Note Ban, GST to Widen Tax Base, Arun Jaitley


On Saturday, the Finance Minister Arun Jaitley said that the note ban and Goods and Services Tax (GST) will make it hard to have cash transactions, which will benefit in increasing the tax base as well. The minister also said that his government has made many laws to keep a check for overseas black money and also with domestic black money holders and squeezing the shell companies as well. He added that the country had reunited to an Indian normal – an enormous amount of tax noncompliance and an enormous amount of the transaction, which had been done outside the system.

“There was almost helplessness in trying to deal with the situation. Every year through the Finance Bill we would announce some changes which at best had a marginal impact. I think the lasting impact of those marginal changes was not very significant. And therefore, steps had to be taken in order to make a very significant impact,” the minister said. Jaitley also said that these steps will have a “great long term impact” and a “substantial ethical rationale” following it. “The net impact of the demonetization exercise coupled with the GST exercise, which is going to make the generation of cash a lot more difficult, will certainly lead to greater compliance, greater digitization. And the first signs of greater digitization, expansion of the tax base of direct and indirect taxes are already visible,” the finance minister added.

Jaitley was speaking at the Delhi Economics Conclave organized by the Finance Ministry, where he said that the very first major step taken by the government, which shook the old same school system, a stern action was taken against those who hid their money in the foreign countries. The minister revealed that one easy way of subversion has always been with the shell companies, which are made by the multilayering of companies. The minister said that “This had almost become standard operating procedure and this was not only used by businesses but was used to round trip corruption money by politicians, by civil servants”. “In additional to developmental challenges, including our ability to spend more on infrastructure, large investment in rural areas in education and healthcare, digitization and cash are two important subjects to be discussed, since these areas had been overlooked, which leads to a large amount of tax noncompliance, illegal transactions and created a situation of helplessness,” explained Jaitley.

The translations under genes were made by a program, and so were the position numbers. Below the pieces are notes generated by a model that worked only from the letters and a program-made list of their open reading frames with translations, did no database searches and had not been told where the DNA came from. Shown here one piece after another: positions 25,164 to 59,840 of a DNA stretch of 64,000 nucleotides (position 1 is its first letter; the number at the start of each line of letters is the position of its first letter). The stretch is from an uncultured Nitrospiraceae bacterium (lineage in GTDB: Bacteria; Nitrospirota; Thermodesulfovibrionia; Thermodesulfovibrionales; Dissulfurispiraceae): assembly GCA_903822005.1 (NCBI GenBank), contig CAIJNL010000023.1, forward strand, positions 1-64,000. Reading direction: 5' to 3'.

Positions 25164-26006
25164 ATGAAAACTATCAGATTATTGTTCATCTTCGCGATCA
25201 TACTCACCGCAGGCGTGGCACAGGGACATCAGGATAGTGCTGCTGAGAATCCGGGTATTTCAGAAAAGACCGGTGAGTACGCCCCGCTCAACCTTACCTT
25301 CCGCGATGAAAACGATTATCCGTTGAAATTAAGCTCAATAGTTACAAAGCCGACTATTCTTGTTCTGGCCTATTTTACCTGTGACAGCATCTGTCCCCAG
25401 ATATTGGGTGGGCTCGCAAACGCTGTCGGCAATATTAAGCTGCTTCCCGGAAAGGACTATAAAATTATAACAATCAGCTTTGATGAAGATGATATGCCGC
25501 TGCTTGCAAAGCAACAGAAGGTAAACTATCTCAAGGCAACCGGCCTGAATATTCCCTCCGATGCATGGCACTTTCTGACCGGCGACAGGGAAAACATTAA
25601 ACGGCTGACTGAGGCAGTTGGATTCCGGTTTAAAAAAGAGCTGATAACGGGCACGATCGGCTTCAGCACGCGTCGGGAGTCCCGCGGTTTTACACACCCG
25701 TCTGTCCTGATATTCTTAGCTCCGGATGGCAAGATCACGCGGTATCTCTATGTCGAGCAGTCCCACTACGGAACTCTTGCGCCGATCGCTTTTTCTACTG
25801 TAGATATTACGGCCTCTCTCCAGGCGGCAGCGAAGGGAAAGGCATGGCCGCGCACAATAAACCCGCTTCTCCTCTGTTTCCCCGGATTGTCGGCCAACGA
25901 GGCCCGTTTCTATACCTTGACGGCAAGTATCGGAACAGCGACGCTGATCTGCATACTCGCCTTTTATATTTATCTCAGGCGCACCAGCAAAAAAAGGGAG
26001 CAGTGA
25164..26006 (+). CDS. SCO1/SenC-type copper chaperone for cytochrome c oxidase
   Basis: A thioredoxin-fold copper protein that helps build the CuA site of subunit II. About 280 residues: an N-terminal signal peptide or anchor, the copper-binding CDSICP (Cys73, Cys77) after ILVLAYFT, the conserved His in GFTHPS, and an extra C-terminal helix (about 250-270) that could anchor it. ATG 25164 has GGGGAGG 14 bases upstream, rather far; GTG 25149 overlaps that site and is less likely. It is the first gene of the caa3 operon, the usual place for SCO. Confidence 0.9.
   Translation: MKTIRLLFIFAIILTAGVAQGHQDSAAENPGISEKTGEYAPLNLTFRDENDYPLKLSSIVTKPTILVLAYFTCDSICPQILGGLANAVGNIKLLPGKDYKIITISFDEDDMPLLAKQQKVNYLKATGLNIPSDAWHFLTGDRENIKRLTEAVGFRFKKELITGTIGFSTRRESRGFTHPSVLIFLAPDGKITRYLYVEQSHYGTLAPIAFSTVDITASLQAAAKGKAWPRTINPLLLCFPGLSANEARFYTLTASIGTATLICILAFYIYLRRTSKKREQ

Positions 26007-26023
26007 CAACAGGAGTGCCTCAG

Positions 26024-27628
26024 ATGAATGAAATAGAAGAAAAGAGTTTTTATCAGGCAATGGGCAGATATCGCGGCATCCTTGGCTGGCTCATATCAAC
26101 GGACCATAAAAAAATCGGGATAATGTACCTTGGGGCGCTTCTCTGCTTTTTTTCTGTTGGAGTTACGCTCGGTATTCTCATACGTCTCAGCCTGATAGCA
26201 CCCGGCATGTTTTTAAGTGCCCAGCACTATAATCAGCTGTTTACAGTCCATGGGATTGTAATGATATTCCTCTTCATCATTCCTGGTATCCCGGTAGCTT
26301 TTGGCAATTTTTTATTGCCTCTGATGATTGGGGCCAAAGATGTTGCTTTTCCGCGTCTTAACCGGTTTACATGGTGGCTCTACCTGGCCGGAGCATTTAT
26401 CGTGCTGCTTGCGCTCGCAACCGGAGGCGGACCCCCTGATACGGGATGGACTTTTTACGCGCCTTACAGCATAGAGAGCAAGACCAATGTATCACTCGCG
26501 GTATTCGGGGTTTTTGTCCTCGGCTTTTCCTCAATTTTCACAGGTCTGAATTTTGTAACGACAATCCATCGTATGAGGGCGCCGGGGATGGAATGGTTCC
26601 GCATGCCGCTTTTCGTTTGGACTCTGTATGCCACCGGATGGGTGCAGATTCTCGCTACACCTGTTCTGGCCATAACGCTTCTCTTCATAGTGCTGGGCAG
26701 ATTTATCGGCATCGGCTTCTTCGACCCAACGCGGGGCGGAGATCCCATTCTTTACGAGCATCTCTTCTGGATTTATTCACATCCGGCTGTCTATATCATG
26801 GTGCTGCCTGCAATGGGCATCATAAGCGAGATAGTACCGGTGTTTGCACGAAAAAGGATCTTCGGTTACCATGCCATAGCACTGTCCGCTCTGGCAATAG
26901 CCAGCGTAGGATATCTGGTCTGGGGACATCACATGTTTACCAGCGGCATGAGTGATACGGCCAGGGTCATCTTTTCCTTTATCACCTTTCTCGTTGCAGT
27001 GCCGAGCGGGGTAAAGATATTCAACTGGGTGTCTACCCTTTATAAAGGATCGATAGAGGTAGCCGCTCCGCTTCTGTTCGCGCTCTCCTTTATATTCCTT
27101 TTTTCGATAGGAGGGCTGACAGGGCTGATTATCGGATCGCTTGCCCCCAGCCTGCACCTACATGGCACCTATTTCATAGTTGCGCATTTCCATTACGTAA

The minister added that the government is also serious to raise the decision of the benami property law in obtaining these assets by the state is going to a big restriction in the future and the revenue department has already started implementing it. Jaitley said, “One easy way of avoiding taxes was the benami route. However, once the penal penalty was introduced, defaulters were informed of the dire consequences of the malpractice, thus creating a significant impact on those undertaking cash transactions outside of the country illegally. The sooner this business of routing this money through the shell companies does collapse, I think the better it is going to be for the formal economy for this country.” Talking about the amended benami property law, the minister said that “ending shiver down the spine” of those people who conservatively used this tactic of round tripping of tax evaded or corruption money and making all ways to bring it back into the system.

Coming to the India’s biggest tax reform since independence, Goods and Services Tax (GST), rolled out on July 1, is expected to give a heightened to the GDP growth and also benefit in tax evasion as all transactions in the value chain would be recorded digitally. On November 8, 2016, the government took the decision of banning the 500 and 1000 rupee notes, and also received more than 15 lakh crore worth of the old currencies from the pocket of our citizens and intended to bulldoze the black money holders. The Indian government took many decisions to promote the digital transaction following the demonetization.


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